I usually hate it when a parody impression is done right in front of the person being parodied. Both Abby Elliott and Andy Samberg somehow pulled off this stunt on Saturday night without it being excruciating.
Zooey Deschanel's efforts as the host of were quite great. But when a news story as big as Whitney Houston's death breaks mere hours before the live show, it puts "SNL" in the weird position of being a "topical" live show, but not really.
I get the sense that Jason Sudeikis is just in his own little world on the show these days. Like in a, "Hey, Jason, after Romney, you've got nothing until 'Bongo's Clown Room.' Do you want to be in any other sketches?" "Nah, I'm good," kind of way.
"SNL" decided to really focus on Tatum's beefcake status. Put it this way: I saw Channing Tatum with his shirt off not one, not two, but three times. We get it: Channing Tatum is a good-looking guy.
Wiig was everywhere this week, so, no surprises here! That's not to say that I enjoyed everything she did this week, but, yes, her presence was pretty undeniable.
This Sunday's Golden Globes Awards kick off Hollywood's lengthy awards show season, or in fashion terms, the playoffs.
Last week, I wrote a piece about Taran Killam being the future of "SNL." So of course in the Charles Barkley-hosted episode, which featured 13 segments, Killam was barely seen.
This was Charles Barkley's third time as host. He's had his memorable moments - like his Jay Mohr written 1993 monologue in which he plays basketball against Barney the dinosaur - and I'm sure that he's fun to be around, but, like most athletes, leaves something to be desired as a host. Last night was no different (But he is a lot better than most.)
After the 2005-2006 season of "Saturday Night Live," five cast members -- Rachel Dratch, Tina Fey, Finesse Mitchell, Chris Parnell and Horatio Sanz ...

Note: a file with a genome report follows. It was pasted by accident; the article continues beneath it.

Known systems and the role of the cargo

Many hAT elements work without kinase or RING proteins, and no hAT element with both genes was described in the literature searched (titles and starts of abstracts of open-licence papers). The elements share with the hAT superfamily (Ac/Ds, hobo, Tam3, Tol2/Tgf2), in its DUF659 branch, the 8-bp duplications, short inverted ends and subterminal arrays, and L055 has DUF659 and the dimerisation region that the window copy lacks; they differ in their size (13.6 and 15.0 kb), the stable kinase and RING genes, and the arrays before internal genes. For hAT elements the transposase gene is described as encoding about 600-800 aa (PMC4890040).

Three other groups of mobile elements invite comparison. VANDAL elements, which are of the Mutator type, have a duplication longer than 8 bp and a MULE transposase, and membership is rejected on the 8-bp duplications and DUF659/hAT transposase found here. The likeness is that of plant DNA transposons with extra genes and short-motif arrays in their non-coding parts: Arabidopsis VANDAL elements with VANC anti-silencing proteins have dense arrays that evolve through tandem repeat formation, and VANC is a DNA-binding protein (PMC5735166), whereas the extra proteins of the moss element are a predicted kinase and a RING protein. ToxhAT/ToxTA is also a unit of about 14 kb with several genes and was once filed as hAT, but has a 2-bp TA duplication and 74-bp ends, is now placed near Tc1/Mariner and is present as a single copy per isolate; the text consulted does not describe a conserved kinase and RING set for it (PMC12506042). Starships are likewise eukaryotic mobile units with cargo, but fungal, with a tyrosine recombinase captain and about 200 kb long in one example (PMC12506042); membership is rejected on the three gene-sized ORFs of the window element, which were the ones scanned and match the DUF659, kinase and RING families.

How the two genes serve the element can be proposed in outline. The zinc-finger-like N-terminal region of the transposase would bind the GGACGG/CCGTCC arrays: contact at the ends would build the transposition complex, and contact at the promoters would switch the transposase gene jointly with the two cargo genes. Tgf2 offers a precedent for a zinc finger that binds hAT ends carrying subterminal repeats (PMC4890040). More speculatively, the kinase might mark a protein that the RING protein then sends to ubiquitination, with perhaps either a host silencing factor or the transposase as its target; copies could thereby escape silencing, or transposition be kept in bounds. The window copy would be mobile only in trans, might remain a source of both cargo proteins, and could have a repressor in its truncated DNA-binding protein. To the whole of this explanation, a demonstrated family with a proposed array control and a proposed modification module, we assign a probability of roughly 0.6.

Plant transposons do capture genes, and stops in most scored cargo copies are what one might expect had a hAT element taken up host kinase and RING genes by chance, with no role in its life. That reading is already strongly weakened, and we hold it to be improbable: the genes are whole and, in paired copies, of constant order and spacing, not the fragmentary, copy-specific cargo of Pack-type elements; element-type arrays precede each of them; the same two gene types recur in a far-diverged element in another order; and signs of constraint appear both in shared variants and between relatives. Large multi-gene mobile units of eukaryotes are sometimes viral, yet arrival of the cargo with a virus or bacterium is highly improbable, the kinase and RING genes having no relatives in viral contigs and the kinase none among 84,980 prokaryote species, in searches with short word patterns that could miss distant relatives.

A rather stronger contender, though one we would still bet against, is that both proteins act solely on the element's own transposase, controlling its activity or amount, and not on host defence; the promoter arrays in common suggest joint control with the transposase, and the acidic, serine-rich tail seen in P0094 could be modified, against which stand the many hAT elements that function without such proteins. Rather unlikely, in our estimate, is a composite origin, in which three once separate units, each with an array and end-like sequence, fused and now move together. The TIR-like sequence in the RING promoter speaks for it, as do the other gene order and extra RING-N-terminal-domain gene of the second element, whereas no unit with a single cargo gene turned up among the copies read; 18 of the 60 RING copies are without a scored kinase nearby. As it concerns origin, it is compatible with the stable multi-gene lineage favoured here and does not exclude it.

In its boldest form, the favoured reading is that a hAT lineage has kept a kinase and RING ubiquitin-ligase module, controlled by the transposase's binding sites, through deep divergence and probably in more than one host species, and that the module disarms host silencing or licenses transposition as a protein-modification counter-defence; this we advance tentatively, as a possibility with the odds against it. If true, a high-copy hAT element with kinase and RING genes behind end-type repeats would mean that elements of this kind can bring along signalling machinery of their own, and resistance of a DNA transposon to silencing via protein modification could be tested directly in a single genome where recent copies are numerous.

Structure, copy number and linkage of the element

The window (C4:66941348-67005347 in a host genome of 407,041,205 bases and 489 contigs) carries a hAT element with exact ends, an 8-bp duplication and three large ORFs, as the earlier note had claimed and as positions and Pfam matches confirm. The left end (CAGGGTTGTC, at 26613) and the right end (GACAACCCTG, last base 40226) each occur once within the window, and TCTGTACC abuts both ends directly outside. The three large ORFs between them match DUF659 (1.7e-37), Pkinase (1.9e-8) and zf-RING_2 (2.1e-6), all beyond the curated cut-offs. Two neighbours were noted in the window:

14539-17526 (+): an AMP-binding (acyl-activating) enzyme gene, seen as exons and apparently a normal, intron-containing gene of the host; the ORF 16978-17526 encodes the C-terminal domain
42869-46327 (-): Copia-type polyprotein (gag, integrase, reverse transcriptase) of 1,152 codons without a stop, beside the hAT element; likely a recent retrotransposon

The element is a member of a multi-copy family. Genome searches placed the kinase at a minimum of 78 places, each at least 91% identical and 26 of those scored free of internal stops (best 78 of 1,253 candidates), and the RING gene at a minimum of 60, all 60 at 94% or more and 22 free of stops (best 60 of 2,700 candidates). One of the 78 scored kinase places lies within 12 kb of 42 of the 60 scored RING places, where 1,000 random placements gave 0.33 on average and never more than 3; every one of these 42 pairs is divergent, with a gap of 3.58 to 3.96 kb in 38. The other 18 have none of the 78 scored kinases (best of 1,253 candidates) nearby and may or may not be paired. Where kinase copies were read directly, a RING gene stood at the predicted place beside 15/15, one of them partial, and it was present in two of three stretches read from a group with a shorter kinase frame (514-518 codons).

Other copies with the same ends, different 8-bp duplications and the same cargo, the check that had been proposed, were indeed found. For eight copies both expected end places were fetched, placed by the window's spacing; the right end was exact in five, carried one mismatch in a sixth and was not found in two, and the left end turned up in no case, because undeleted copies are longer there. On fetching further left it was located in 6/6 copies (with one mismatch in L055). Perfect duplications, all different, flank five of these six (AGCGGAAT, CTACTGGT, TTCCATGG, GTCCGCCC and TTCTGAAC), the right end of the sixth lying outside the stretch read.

Michele Bachmann had a wild ride in 2011, from her embarrassingly off-center Tea Party response to her last gasp attempt to rebrand herself as "America's Iron Lady."
As the awards season brings a renewed -- and mostly well-deserved -- attention to the film Bridesmaids, I feel it might be worth revisiting.
Over the life of this here Relevancy Poll, no week has been harder to rank than Jimmy Fallon's show from this past weekend. With a show that featured not just Fallon, but Tracy Morgan, Chris Kattan, Rachel Dratch, Tina Fey, Hartio Sanz and Amy Poehler - yeah, we're basically dealing with 21 cast members fighting for airtime. So take this week with a grain of salt because, really, nobody had a great week. Well, actually, I can make the case for one cast member:
Last night's SNL wasn't listed as an official reunion show of the 2002-2003 season, but, yeah, that was a reunion show.
Apparently, posing nude -- or mostly nude -- in a mens' magazine is still some sort of rite of passage for female entertainers, and there has been a spate of female comedians stripping down recently. We have to admit, as fans of comedy and women in comedy especially, my fellow editors and I die a little bit every time this happens.
In September, I wrote about the transition of the generations between actors and how we're at a moment where we can see it happening.
Paul is a comedy adventure film about two British sci-fi geeks who stumble across an alien. Recently, Paul's star and co-writer Simon Pegg, along with the director Greg Mottola, sat down to talk about the film.